Batteries can account for half of an electric vehicle’s costs. As such, the dream of affordable electric cars, with a driving range equivalent to their gas-powered brethren, will not be achieved until the cost per kilowatt equation is dramatically reduced.
Fortunately, several innovative companies are developing fundamental technologies which will enable batteries that are cheaper, more powerful, longer lasting and safer than anything currently on the market. Along with companies such as Sila Nanotechnologies and Ionic Materials an emerging star in this rapidly evolving segment of the clean energy revolution is Coreshell Technologies.
Founded in 2017 by technologists with experience commercializing frontier technologies, Coreshell’s unique solution integrates seamlessly with battery manufactures’ complex and exacting production lines. This frictionless introduction into battery facilities has accelerated Coreshell’s market adoption, enabling it to partner with some of the world’s largest players.
John Greathouse: Jonathan and Roger, thanks for making the time to chat. I realize the science underlying Coreshell is deep and complex, but in layperson terms, what is “electrode surface instability” and how does Coreshell address this issue? (Note: I’m an Advisory Partner at Entrada Ventures, one of Coreshell’s early investors. Jonathan and Roger’s remarks have been lightly edited for brevity and readability.)
Roger Basu: Great to connect. Essentially, every time you use your battery, you’re creating a layer of degradation inside the battery. That’s what causes your battery to start dying much faster over time. This layer forms on the surface of the anode and cathode (electrodes). We always use the analogy of a rust-like layer. The problem is that this “rust” continues to grow every time you charge or discharge your battery. With our technology, we can prevent this layer from forming. The analogy we use is that we’re “painting” the inside of your battery with our unique nanolayer coating.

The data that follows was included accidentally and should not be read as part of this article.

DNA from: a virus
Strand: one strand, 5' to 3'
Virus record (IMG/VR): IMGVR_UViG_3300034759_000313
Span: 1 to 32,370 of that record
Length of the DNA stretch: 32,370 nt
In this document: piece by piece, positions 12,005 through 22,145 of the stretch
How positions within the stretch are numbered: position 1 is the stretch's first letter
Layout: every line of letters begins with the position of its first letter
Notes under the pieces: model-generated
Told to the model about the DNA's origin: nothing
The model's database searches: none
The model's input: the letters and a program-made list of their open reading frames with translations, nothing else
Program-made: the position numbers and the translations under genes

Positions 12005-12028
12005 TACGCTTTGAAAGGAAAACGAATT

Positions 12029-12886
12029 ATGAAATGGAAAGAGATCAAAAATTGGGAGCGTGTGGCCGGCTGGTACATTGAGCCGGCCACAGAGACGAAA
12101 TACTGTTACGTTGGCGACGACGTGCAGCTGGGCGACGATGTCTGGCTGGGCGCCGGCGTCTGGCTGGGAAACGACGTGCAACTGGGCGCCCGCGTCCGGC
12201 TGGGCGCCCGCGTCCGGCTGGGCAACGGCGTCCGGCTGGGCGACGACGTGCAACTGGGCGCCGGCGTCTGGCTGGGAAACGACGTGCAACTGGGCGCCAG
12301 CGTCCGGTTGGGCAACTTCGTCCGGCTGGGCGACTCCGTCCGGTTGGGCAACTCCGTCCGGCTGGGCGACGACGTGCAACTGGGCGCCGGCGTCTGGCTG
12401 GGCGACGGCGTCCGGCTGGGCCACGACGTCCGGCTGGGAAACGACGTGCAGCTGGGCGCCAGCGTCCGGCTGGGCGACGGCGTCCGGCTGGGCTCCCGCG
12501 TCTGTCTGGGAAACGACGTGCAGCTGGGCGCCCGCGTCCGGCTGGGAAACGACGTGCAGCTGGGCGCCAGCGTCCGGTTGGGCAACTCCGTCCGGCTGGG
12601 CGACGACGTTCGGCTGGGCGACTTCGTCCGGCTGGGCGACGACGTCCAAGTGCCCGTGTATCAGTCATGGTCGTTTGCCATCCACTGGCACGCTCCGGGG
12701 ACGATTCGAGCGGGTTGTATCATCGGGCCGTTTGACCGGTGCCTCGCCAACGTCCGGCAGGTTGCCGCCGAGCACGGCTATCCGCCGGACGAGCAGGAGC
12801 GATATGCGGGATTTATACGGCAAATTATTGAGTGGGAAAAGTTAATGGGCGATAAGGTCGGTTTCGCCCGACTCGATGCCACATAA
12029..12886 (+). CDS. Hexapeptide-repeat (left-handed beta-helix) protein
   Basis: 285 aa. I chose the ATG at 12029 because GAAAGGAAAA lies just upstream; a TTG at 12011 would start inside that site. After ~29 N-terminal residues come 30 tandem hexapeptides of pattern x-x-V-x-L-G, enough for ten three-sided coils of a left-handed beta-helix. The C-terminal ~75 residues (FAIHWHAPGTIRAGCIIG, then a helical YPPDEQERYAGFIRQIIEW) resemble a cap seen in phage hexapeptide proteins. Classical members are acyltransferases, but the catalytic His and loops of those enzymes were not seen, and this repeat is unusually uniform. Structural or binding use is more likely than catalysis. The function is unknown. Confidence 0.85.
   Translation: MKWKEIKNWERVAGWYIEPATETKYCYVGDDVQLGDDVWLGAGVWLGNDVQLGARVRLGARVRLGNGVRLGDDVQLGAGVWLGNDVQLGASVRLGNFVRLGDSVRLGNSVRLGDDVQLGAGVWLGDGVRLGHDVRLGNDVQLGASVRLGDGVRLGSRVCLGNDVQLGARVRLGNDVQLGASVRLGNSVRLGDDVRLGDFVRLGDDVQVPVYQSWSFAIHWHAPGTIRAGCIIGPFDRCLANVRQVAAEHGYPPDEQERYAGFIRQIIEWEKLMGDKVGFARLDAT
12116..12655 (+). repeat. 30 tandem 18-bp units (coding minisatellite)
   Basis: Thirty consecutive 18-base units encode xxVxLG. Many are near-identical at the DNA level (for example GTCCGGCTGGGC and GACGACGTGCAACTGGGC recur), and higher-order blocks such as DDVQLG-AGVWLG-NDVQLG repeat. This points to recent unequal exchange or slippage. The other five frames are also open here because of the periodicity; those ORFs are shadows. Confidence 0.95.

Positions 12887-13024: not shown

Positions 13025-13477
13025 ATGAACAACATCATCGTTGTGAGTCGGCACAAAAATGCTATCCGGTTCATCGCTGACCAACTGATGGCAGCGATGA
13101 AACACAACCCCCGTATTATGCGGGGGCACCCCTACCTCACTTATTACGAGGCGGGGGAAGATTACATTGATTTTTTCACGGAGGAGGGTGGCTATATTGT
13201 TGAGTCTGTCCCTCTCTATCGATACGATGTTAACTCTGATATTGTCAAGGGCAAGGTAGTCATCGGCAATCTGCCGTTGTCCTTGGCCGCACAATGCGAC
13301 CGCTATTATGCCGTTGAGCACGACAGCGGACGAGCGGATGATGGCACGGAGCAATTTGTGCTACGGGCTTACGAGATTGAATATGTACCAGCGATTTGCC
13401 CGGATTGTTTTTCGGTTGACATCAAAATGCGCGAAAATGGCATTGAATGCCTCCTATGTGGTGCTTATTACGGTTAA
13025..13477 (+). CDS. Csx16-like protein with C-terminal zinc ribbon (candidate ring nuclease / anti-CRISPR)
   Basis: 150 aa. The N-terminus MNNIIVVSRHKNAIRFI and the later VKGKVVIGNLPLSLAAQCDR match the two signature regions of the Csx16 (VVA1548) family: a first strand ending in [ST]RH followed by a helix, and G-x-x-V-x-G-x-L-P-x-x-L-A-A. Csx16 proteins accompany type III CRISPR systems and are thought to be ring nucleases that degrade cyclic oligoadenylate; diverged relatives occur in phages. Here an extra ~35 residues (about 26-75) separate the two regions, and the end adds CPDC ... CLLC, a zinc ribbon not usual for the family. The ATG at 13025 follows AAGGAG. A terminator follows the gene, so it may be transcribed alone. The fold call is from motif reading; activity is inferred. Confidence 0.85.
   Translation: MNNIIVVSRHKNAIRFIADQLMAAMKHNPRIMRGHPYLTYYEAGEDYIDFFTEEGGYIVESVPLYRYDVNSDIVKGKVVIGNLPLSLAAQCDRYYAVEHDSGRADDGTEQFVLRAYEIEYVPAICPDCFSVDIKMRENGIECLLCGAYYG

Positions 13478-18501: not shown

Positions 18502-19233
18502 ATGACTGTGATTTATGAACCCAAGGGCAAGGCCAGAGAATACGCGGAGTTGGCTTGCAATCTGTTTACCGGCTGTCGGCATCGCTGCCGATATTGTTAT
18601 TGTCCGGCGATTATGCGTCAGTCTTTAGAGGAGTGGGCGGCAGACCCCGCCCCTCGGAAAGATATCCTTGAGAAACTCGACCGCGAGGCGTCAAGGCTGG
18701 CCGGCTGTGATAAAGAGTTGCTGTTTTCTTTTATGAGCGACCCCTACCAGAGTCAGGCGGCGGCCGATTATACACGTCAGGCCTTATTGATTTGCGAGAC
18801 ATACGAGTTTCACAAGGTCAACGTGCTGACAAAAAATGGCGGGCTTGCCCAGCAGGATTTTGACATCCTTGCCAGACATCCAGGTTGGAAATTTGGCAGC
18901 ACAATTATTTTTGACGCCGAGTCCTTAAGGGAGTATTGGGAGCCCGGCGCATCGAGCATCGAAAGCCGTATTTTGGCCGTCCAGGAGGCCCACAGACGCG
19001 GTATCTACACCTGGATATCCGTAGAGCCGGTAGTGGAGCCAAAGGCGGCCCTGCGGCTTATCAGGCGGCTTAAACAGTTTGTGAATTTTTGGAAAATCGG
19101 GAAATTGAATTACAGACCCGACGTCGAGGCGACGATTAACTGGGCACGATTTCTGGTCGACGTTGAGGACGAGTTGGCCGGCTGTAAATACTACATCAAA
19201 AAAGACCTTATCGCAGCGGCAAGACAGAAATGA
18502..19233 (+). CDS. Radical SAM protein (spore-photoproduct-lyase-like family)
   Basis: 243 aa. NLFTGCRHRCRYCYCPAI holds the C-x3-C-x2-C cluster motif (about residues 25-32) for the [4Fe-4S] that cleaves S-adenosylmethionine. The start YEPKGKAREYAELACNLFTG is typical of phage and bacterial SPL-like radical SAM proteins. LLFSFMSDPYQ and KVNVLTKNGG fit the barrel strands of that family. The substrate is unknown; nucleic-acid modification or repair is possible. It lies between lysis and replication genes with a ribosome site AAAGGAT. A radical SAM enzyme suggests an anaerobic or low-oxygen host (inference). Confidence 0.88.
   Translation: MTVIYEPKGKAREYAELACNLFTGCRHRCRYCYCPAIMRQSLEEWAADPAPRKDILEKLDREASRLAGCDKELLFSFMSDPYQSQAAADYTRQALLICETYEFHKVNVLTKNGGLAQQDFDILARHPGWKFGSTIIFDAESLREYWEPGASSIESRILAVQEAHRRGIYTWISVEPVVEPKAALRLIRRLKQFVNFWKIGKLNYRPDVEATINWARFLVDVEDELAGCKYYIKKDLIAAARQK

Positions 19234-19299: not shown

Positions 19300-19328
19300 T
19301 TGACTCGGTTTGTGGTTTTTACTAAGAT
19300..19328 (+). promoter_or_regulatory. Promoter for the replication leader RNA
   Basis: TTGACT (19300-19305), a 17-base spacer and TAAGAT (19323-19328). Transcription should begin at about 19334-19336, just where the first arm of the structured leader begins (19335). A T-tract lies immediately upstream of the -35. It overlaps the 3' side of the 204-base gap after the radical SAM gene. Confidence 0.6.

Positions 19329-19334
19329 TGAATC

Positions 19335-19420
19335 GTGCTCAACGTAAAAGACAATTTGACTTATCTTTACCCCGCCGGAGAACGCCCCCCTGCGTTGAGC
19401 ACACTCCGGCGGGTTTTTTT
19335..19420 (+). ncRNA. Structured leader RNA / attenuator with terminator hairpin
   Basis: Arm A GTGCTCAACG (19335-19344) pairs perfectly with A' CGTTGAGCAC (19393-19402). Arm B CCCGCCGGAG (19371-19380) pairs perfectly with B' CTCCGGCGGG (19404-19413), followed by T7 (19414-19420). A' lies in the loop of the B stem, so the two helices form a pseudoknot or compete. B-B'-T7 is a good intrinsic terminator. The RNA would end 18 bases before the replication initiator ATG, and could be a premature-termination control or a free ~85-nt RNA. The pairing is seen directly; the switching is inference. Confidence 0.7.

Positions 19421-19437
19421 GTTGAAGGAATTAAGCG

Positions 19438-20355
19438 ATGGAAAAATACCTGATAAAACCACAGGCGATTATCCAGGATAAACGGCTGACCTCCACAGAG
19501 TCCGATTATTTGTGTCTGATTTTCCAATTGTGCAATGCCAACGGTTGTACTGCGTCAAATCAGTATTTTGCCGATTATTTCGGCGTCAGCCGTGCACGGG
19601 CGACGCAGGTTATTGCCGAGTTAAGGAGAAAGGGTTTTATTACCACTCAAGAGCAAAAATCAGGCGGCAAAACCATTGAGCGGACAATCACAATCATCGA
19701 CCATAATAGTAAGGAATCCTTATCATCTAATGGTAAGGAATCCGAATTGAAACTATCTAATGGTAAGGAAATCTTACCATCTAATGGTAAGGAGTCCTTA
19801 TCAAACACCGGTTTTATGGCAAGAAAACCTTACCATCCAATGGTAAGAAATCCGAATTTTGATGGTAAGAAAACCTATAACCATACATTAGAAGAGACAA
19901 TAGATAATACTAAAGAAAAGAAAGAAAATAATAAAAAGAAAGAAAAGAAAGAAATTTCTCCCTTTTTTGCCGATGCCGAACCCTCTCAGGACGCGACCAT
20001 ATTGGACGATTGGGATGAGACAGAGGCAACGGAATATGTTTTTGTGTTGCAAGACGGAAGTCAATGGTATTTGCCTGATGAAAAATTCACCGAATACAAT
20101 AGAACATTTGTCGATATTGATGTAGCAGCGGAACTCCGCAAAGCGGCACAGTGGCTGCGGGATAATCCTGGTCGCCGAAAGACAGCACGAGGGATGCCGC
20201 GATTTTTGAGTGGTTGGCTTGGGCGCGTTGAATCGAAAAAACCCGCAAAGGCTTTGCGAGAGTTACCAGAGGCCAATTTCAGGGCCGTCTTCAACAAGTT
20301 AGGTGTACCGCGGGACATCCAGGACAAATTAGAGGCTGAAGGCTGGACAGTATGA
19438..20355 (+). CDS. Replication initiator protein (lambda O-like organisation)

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Greathouse: OK – running with your rust analogy, your technology is akin to spraying the inside of a battery with a microlayer of rustoleum.
What was the genesis of the science behind Coreshell? Was the technology developed in a research setting that you later applied to battery degradation or did you set out to solve the problem at the outset?
Jonathan Tan: We started Coreshell because we realized that the cost and capacity of batteries are becoming the bottleneck in clean energy and transportation. As Roger talked about, to tackle this problem, we’re solving the fundamental degradation problem in both state-of-the art and next-gen lithium-ion batteries with our unique nanolayer coating technology. Our mission has been to use this innovation to lower the cost and increase the energy for battery manufacturers and sustainability-minded auto makers. It was the combination of both the science and the mission that drove us to start the company.
Basu: What makes us unique is our ability to dramatically improve energy density, safety, and cost per kilowatt-hour by up to fifty percent, while replacing one of the biggest bottlenecks in Gigafactory battery plants with a single, low-cost coating tool. No one else has shown the ability to create a nanometer-precise coating using a liquid-deposition process that allows for scalability – that’s not been possible before.